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I'm confused why, if all eigenvalues of a linear system are real and positive, this entails an unstable system. For example, if eigenvalues are between 0 and 1, surely this means the system is gradually shrinking? And even more so, doesn't an eigenvalue of 1 mean the system is "staying put"? Why is a negative eigenvalue instead related to stability?

I'm confused because in the case of eigenvalues of a Markov matrix, it seemed an eigenvalue of 1 meant stability, and 0 < λ < 1 meant it was shrinking. But in both those cases the eigenvalue is positive.

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The key difference lies in the fact that the maps defined by a Markov matrix are discrete-time whereas the dynamical systems you refer to are continuous-time systems. In either case, a "location" on the system is stable or unstable depending on whether or not a perturbation off of the location grows or shrinks, which is measured differently in each system.

For a continuously differentiable dynamical system, a local perturbation around the evolution of the system near a fixed point is described by an exponential $e^{\lambda t}$ since (taking liberal approximations) $x(t+\Delta t) \approx x(t) + \lambda x(t) = (1 + \lambda)x(t)$; the function grows if $\lambda > 0$ and shrinks if the opposite.

For a discrete-time system like a Markov chain, local perturbations grow depending on whether or not the "next" step of the system is larger than the previous one, a.k.a. if $x_{n+1} = \lambda x_{n} > x_n$. Hence, $\lambda > 1$ indicates an unstable fixed point.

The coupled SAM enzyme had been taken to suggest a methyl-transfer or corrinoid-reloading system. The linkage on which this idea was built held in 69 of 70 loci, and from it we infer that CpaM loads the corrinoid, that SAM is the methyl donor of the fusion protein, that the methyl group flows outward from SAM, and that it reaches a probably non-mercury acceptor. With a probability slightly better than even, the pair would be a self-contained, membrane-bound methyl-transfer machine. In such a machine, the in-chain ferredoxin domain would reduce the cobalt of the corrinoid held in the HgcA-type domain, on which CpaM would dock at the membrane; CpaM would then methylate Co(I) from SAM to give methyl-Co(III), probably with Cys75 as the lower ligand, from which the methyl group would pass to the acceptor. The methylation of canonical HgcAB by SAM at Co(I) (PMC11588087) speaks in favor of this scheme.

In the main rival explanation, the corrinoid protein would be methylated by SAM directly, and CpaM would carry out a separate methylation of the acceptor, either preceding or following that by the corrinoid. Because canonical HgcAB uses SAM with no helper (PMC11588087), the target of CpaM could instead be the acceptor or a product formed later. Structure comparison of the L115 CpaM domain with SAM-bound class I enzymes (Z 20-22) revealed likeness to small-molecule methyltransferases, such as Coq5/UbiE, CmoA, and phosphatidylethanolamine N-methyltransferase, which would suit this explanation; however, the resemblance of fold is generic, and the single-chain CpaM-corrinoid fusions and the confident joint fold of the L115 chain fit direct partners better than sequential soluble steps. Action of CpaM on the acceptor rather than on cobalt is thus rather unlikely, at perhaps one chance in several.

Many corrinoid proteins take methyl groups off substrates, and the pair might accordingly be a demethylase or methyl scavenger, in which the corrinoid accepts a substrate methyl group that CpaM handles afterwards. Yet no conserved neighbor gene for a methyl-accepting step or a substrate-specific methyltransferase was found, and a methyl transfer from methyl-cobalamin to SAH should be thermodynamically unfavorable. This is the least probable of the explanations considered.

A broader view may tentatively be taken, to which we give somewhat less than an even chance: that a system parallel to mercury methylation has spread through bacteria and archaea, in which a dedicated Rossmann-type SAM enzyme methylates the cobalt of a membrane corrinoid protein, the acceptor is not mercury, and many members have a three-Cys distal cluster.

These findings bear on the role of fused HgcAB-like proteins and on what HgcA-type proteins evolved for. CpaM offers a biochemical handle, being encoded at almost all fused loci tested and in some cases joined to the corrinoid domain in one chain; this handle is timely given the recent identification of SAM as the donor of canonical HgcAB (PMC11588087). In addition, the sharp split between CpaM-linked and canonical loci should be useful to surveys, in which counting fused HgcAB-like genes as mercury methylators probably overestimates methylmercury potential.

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With discrete-time Markov processes, you’re examining the behavior of successively larger powers of a fixed matrix, which depends on successively larger powers of its eigenvalues. If there are any with modulus greater than one, those contributions to the matrix power will grow without bound, any with modulus less than one will tend toward zero, and any with modulus exactly one will neither grow nor shrink.

If the “system” you’re asking about is a system of differential equations, then instead of the behavior of successive powers of a matrix $A$ we’re interested in its exponential $e^{tA}$, which in turn depends on exponentials $e^{\lambda t}$of its eigenvalues. Here, it’s eigenvalues with a positive real part whose contributions grow without bound, while the contributions of ones with a negative real part tend to zero.

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